The north coast of New Guinea was the scene of an active maritime trading network that distributed things widely along the coast in a linear fashion. Also introduced into the linear coastal trading networks were objects that coastal peoples obtained by trade from inland peoples. On the face of it, one might expect a weak effect for language and a strong effect for distance, particularly as the things in the dataset were categorised for analysis into broad functional classes such as arrows, spears, string net bags, and so on, and recorded as simply present or absent in particular locations. There is considerable linguistic diversity in that region but an active trade system could be expected to move objects far from their place of manufacture and obscure the effect of linguistic diversity on material culture. The statistical analysis carried out by the Chicago team indeed suggested that geographical distance, not language, was the significant factor in differences in material culture; ie. that specific characteristics of material culture are not tied to specific ethno-linguistic groups. Critics suggested that the Chicago team’s categories of objects were too general, that the presence-absence dataset was too crude and that the statistical procedures were not sufficiently sophisticated. I saw an opportunity to test the Chicago team’s results by recording the dataset of 11,000 central New Guinea and upper Sepik objects in museums and private collections around the world. Using a more sophisticated taxonomy of material culture akin to the taxonomies of the natural sciences, ensuring reliable locations of collection and manufacture, and using statistical procedures such as Correspondence Analysis, Analysis of Variance and Mantel tests, I believed we could come up with more reliable results than those of the Chicago team. What we wanted to know was whether similarities and differences in material culture are brought about by population movements or by other mechanisms such as subsistence systems, inter-marriage, trade and warfare; and whether there are evolutionary processes for material culture that would make possible a reconstruction of proto-cultures from synchronic data ─ a tall order, as this would be akin to developing a theory of the evolution of biological species without the benefit of palaeontology.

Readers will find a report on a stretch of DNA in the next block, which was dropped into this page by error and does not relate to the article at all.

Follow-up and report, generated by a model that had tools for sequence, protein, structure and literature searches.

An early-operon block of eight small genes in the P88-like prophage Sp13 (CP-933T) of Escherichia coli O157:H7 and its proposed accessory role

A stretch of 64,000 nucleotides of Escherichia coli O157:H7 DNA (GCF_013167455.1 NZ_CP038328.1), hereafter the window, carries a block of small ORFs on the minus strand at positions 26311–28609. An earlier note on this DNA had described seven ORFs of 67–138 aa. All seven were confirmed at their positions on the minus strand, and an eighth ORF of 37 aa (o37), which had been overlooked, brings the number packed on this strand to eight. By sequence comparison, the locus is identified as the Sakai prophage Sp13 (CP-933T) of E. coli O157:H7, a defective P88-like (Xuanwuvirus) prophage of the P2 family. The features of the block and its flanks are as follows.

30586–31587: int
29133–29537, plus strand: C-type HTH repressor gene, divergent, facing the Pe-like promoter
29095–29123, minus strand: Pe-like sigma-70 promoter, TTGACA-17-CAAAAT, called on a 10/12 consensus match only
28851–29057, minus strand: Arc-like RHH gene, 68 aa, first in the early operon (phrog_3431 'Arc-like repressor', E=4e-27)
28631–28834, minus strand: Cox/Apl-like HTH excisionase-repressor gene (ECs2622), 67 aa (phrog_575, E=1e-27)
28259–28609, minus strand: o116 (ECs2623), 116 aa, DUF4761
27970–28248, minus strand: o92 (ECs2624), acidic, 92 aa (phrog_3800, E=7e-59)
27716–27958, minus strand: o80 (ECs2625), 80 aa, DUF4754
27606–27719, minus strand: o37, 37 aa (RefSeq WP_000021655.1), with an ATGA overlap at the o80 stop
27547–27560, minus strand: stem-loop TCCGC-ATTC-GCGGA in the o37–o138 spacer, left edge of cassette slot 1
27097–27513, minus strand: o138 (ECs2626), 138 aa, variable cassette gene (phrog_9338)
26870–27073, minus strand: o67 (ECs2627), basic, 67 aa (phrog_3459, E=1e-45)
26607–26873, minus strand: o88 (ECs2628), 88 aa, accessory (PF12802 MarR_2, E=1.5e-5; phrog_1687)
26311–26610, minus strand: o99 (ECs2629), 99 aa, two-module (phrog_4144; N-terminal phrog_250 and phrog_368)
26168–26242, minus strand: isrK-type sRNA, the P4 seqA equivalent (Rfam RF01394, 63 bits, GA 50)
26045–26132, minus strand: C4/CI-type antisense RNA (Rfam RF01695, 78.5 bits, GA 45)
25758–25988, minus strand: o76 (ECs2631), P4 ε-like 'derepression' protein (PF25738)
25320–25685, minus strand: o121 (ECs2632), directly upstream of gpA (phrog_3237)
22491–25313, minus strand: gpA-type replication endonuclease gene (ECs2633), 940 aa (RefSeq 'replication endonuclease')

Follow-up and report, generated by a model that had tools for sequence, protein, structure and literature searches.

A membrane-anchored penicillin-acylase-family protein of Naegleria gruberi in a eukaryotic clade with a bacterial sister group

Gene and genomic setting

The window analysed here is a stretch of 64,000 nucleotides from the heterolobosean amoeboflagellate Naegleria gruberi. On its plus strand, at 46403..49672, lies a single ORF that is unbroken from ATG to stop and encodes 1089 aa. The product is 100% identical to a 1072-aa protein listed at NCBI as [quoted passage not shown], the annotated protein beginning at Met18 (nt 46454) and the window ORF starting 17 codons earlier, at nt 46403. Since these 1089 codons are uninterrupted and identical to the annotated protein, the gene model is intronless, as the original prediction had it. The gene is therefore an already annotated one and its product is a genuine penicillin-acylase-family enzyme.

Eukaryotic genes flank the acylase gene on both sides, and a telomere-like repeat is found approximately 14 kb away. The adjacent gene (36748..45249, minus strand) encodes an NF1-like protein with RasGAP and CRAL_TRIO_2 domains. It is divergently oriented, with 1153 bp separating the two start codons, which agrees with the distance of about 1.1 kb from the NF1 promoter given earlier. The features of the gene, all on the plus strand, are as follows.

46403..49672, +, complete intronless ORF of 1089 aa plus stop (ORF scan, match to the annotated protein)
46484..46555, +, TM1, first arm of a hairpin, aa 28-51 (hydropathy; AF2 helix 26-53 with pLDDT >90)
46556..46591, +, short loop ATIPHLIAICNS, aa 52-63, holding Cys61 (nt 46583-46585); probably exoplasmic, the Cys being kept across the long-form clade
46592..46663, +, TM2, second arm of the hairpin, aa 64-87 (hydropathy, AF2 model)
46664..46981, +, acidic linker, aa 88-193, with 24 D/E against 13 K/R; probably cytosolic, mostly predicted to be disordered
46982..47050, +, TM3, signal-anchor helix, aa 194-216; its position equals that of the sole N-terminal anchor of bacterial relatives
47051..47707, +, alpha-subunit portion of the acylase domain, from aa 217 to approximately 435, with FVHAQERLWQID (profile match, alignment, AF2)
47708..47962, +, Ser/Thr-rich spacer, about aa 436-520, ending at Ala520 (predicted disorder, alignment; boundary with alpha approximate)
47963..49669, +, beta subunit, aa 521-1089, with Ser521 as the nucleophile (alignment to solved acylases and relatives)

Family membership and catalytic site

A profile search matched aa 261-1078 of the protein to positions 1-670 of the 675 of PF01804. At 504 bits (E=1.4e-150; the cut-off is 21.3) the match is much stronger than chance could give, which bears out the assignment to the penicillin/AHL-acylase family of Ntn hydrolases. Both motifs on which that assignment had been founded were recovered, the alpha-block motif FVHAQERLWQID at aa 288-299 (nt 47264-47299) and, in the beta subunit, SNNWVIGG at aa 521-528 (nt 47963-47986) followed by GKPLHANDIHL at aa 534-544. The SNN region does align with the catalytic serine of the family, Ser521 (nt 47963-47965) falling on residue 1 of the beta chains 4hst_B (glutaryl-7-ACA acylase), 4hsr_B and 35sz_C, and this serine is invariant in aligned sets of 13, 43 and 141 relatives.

Professor Graeme Hugo, Director of the National Centre for Social Applications of Geographical Information Systems at the University of Adelaide took the Upper SepikCentral New Guinea Project under his wing. Cash and in-kind contributions from the South Australian Museum and Ok Tedi Mining Ltd leveraged funds from the Australian Research Council Linkage grant scheme for two three-year projects with a total budget of $400,000 running from 2004 through to 2010. Andrew Pawley, Professor of Linguistics at ANU and Dr Bryant Allen, whose ANU team has mapped subsistence systems throughout Papua New Guinea, came on board as Partner Investigators. We had a University of Adelaide PhD student, Andrew Fyfe, join us to do the legwork recording over 11,000 objects in museums and private collections in Australia, Papua New Guinea, Europe, Britain and the United States. He developed a taxonomy of material culture, obtaining invaluable assistance with the technology of arrow bindings and string net bag construction from handcraft expert Jill Bolton. Andrew got on top of the statistical procedures by reading how biologists do their analyses, buying the relevant software and playing around with it until he understood it. He submitted his PhD in 2008, subsequently publishing two papers on analysis of the technical characteristics of arrows and string net bags in the journal Oceania. A paper is also available on the USCNGP website.